Unfortunately there is not much money to be made as an electrolyte. None of the bodies Ricker monitors pays him for his labors. He exists solely on donations and voluntary subscriptions to his weekly Internet government digest, the Watchdog Report. Although he envisions a six-figure income for his work, he's been teetering on the edge of bankruptcy for more than a year.
"Dan's on a mission that people don't quite understand," says his Coconut Grove neighbor Glenn Terry. "I know I don't understand it. But he's obsessed. He can't stop. I'm not sure if what he's doing serves any good. I'd like to think that it does."
Ricker is in his office, on the second floor of his Coconut Grove home, trying to explain what he hopes to accomplish with the Watchdog Report. So far his analogies run to fertilizer. "I feel like Miracle-Gro," he observes. "If we can get people excited -- give them hope -- then we can change government. If through what I'm doing I can activate two people out there to get involved, and then they go out and each activate one other person, then ... we can change society in a very random yet profound and aggregate way."
The office is littered with paper, countless agendas, budgets, and business cards. Schedules of public meetings hang by thumbtacks. Near the door he displays a few e-mails he's received from supporters: "Dan, I can't believe that anyone interested in the public process doesn't already subscribe to your newsletter!" writes Harve Mogul, chairman of the United Way of Greater Miami. "You really do perform a service ... and save people like me a bunch of time!"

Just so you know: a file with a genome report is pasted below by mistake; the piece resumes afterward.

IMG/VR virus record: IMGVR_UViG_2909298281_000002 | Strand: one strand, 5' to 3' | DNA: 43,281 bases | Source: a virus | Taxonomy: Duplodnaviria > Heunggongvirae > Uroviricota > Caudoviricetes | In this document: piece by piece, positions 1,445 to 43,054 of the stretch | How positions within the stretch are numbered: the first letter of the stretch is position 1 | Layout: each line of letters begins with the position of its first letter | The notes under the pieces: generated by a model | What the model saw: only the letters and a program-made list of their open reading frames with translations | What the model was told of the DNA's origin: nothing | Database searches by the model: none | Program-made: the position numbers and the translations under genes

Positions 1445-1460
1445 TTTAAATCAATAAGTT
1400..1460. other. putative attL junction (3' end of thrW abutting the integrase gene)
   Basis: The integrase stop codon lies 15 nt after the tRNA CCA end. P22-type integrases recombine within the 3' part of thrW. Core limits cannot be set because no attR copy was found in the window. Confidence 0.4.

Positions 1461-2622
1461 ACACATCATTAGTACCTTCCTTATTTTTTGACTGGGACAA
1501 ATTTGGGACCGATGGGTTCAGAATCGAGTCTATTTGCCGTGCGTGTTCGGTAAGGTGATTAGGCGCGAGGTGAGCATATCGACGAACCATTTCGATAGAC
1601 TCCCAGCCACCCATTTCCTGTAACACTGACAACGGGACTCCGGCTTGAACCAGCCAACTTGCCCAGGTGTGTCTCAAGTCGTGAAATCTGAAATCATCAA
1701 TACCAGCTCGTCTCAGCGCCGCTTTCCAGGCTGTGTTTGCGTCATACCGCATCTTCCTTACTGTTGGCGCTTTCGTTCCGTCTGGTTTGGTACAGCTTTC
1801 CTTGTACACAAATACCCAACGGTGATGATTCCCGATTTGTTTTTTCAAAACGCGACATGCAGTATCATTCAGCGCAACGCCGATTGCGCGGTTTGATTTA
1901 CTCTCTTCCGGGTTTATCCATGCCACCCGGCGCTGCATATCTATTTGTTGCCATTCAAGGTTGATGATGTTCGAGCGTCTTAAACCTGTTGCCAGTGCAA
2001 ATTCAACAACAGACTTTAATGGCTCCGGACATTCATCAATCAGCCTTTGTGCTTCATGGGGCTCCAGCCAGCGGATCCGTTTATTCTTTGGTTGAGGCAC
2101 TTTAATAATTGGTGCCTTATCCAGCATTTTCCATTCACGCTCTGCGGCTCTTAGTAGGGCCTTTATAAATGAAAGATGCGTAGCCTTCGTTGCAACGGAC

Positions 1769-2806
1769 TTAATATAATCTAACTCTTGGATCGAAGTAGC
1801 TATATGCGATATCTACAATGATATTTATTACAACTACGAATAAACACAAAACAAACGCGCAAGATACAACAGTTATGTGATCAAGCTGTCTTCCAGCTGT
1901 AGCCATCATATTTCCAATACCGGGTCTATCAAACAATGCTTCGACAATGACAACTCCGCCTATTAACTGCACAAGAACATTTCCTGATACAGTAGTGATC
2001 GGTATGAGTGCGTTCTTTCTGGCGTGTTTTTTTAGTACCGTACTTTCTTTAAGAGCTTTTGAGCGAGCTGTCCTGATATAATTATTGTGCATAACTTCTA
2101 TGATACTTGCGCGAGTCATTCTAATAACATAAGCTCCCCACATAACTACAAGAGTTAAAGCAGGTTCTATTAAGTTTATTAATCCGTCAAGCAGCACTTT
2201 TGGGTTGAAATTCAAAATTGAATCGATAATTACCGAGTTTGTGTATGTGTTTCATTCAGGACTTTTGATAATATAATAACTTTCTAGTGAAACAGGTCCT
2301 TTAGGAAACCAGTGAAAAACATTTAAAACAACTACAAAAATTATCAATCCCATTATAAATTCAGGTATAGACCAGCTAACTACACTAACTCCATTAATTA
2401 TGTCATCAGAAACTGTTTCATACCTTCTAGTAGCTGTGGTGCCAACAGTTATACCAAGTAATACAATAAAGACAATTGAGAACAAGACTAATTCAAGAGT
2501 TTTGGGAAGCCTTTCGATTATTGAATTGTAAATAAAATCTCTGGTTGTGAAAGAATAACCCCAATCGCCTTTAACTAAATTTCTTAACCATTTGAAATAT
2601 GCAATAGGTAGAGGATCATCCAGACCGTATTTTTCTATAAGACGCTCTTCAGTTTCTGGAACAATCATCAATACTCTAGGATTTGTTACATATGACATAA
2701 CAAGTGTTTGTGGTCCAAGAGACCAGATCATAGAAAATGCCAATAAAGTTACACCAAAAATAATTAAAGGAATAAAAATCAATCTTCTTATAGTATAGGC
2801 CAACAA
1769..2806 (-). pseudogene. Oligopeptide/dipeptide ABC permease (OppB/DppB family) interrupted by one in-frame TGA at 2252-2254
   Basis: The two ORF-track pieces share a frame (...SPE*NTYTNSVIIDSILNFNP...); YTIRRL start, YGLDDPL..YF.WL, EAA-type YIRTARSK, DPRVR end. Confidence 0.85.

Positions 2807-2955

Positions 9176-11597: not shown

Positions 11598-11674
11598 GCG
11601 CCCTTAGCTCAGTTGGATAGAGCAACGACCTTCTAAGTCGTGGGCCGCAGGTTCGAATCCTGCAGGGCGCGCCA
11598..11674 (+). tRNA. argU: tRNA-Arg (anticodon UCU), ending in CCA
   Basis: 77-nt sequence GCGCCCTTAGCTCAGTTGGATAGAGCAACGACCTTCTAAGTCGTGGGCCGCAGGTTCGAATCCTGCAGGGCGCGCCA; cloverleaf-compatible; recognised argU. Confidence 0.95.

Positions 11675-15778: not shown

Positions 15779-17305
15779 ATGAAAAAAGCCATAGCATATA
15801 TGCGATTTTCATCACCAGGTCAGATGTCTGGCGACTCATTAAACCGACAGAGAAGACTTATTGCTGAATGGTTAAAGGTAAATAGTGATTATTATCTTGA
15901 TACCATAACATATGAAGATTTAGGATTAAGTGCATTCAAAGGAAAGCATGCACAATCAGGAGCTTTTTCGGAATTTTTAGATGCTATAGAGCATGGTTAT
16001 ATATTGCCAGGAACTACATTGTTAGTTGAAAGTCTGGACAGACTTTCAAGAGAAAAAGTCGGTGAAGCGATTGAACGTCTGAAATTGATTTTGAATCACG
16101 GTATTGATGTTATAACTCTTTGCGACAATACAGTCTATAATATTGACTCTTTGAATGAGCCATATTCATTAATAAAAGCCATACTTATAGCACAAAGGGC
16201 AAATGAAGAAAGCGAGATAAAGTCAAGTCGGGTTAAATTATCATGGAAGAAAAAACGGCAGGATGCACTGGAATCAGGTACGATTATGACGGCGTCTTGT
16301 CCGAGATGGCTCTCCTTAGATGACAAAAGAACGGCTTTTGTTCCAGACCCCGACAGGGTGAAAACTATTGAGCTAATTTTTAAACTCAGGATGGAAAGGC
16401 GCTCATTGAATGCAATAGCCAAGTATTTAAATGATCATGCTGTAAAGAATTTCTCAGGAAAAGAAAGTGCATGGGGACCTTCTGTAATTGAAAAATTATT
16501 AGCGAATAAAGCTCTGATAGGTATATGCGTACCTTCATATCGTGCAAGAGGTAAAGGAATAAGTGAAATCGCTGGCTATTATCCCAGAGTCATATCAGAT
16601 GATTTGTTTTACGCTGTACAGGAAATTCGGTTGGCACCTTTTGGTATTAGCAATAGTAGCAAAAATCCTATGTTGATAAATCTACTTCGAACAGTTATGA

Ricker depends on these fans for more than moral support. It was a booster who donated the new Gateway computer system on the desk in front of him. A copy editor reads his Internet roundup each week for free. A Grove lawyer represents him pro bono. Someone gave him a free cell phone. Written on the checks that supporters send him are the words he has adopted as his mantra: "Keep going!"
Ricker never thought he'd be so reliant on the kindness of strangers. Heck, he never thought he'd be involved in government. When he was a boy he wanted to be a spy. In school he developed a fascination with China, along with a talent for electrical engineering. He assumed he would take a position with the CIA, yet after college he found himself in another career that combined his interests. He became a heart pacemaker salesman, working in Asia.